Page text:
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Demography and Immigration The Choice is Ours
by Gary Endelman

DISCLAIMER:
Gary Endelman practices immigration law at BP Amoco Corporation. The opinions expressed in this column are purely personal and do not represent the views or beliefs of BP Amoco Corporation in any way.

Biography Free markets require a free flow of human capital every bit as much as the unimpeded access of surplus investment capital. The United States attracts both for the same reason, we reward talent and believe in growth. If our immigration policies refuse to let either form of capital compete in the home market, what is happening to Japan now must and will happen to America later. A protectionist mind set, which is what Japan and the INS have in common, provides a fatally false sense of protection and results in nothing so much as an inexorable slide in individual productivity - down this path, as the Japanese are now finding as the sun sets on their global influence - lies economic stagnation so pernicious and persistent that no government stimulation can reverse or revive it.

All advanced industrial nations must boost immigration levels to counter the social and economic impact of aging population caused by longer life spans and sliding fertility rates. In every such economy, including ours, a growing number of senior citizens must be supported by a shrinking proportion of active workers. Government policies to increase birth rates are doomed to failure given the fact that educated women want and need to work, and now have more choices which they will not allow to be taken from them. The genie is not going back in the bottle. The coming retirement of the post-World War II "baby boomer" generation is not an American but an international phenomenon. Attempts to increase the retirement age and control the cost of health-care benefits for the elderly cannot be approaches without a companion recognition that programs to put in place higher levels of immigration must be enacted. Immigration and demography neither know nor respect national boundaries.

What are we going to give up to get the internationalist immigration policy that our citizens must have if the social assumptions on which our whole culture is based shall not be totally destroyed? Raising or lowering the H-1B quota, which has sucked all of the intellectual oxygen out of the debate until now, is not the answer or even part of the answer. To assume that the demand for H-1B workers will continue to soar endlessly into our future is as uncertain as the conviction that tax cuts are justified because anticipated budget surpluses must appear since the business cycle has been repealed. There clearly needs to be a trigger that links the number of H-1B entrants to occupational unemployment in targeted regions that is periodically updated. Yet we are still skirting the real solution which is the clear and pressing need for a dramatic expansion of the employment-based immigrant quotas. There can be no immigration reform on the cheap.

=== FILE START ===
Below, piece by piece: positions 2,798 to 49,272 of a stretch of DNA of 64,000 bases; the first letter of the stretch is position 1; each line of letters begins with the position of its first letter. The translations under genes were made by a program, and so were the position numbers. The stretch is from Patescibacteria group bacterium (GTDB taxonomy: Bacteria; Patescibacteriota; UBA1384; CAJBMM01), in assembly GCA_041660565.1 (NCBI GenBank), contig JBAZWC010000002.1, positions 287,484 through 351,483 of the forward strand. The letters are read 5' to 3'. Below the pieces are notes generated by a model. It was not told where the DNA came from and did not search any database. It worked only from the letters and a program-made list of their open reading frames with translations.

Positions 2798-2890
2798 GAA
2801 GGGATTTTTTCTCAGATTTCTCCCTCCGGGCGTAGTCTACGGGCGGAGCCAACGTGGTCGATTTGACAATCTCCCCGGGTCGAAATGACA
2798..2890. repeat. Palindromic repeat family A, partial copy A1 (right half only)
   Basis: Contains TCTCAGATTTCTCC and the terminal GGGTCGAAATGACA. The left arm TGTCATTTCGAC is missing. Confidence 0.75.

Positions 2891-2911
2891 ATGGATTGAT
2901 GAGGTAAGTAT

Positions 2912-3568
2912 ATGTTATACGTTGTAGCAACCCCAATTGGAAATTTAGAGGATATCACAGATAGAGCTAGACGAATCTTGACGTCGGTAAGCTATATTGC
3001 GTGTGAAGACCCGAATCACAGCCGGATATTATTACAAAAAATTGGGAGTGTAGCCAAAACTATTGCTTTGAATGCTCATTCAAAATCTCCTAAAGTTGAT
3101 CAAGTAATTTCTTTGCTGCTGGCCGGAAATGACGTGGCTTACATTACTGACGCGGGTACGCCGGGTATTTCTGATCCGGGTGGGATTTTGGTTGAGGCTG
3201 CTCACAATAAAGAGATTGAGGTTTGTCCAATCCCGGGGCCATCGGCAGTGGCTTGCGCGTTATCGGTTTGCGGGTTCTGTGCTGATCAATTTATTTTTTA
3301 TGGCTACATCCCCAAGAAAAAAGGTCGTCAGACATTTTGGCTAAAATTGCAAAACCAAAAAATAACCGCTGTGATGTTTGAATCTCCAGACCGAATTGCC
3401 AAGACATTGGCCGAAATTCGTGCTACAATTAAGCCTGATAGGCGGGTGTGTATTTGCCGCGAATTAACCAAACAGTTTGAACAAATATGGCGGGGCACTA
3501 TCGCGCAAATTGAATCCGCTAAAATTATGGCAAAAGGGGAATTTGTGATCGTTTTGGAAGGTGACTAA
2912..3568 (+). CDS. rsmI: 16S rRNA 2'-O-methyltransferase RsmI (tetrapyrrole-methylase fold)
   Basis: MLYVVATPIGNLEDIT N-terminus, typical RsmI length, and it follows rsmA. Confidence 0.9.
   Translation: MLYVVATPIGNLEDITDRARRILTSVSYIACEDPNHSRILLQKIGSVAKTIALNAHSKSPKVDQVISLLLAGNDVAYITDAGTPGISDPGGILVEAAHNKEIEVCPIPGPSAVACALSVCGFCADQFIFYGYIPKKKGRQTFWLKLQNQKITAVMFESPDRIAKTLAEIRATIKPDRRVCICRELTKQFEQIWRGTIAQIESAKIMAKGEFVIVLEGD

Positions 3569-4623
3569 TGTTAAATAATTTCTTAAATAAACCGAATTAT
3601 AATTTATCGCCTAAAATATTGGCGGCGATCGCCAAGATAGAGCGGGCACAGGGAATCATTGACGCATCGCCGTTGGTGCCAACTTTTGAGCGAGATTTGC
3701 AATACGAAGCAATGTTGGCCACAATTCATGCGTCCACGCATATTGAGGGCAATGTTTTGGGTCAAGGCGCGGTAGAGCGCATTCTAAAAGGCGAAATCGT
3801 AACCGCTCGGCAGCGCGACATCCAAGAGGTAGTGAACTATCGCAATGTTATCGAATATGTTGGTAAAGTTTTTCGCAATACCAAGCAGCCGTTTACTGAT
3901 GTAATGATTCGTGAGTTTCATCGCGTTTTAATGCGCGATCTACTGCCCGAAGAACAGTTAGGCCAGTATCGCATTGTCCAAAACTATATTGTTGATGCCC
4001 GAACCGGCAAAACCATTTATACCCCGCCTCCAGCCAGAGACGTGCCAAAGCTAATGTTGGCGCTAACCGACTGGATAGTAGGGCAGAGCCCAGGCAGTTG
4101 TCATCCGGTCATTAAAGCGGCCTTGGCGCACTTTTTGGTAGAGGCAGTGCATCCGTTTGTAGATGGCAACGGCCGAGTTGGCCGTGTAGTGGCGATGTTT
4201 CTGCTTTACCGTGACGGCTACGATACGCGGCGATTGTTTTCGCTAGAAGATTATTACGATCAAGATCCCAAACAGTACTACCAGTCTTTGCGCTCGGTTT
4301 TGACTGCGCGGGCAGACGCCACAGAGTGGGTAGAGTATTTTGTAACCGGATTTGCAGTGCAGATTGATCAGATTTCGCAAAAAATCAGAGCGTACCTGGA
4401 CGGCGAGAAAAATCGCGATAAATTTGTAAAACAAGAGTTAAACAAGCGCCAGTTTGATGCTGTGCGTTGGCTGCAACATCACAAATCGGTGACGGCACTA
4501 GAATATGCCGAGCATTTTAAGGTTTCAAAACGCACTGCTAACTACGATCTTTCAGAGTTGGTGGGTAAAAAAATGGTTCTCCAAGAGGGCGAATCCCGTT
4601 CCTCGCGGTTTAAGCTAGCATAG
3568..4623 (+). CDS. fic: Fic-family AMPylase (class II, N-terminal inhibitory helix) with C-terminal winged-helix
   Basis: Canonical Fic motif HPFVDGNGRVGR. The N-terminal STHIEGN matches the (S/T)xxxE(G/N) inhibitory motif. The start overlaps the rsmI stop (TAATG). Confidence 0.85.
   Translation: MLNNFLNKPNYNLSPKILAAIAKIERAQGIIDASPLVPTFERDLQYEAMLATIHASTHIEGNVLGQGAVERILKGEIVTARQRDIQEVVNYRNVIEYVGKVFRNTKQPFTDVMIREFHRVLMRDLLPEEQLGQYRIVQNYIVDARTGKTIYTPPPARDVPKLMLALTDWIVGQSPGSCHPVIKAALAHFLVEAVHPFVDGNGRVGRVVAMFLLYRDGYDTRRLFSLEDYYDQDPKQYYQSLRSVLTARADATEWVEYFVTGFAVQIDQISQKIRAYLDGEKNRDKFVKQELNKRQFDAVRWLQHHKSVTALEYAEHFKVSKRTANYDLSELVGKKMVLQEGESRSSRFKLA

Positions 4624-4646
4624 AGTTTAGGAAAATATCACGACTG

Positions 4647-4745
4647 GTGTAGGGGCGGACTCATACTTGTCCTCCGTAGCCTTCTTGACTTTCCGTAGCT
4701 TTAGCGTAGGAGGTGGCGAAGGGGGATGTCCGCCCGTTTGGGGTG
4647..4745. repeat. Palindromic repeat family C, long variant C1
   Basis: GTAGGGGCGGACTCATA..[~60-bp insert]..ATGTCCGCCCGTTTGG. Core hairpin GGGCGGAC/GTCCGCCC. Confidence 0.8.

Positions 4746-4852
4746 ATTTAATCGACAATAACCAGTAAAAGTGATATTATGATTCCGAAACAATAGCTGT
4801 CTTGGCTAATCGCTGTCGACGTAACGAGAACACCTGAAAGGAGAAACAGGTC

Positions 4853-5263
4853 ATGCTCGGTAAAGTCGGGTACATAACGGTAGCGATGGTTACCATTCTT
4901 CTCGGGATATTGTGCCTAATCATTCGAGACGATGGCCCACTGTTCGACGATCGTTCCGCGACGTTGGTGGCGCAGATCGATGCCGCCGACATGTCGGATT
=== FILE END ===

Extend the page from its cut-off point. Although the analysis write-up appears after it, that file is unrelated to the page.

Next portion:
In exchange for a tripling or quadrupling of these visa limits, the entire family-based fourth preference should be eliminated, while grandfathering any current beneficiaries, despite the understandable and anticipated outcry from those ethnic communities most directly affected. Ours is a culture based on the nuclear family and that is the social unit most in need of protection from the demographic time bomb whose ticking grows ever louder. We need to reduce the H-1B to a three year visa that cannot be renewed. The H-1B cap should be scrapped outright and consigned to the dust bin of history where it belongs.Create a Blanket H which could be applied for directly at US Consulates much as it is now possible to apply for the Blanket L visa. If necessary, reduce the number of refugees that the INS takes in while increasing our foreign aid program designed to increase living standards abroad.

Intentions can never be an effective substitute for a policy that works. Those who would rise up in angry protest against any attempt to repeal the family fourth preference must be asked whether its preservation is the best way to advance the concept of family unity, albeit on an extended basis. If it is not, and it is not, then it should and must go. Rather than keep alive a concept that separates families for many years at a time, is it not better to allow these same relatives to enter the US in a work-authorized capacity? Is this not achieving the same end much sooner in a way that benefits the nation and its economy? Instead of opposing an expansion of the employment-based quotas as something that does not concern them, or because of an anti-business bias, those who hold the family fourth preference sacred must look in the mirror and ask themselves who is really the friend of family unity?

Much of this is controversial and all will doubtless be subjected to spirited debate. Whether these suggestions can withstand such scrutiny or fail under the withering criticism is irrelevant. What is relevant is the fact that the next INS Commissioner cannot afford to delay in inviting all Americans to join the national conversation that we must, but do not now, have. Demography and Immigration the choice is ours.



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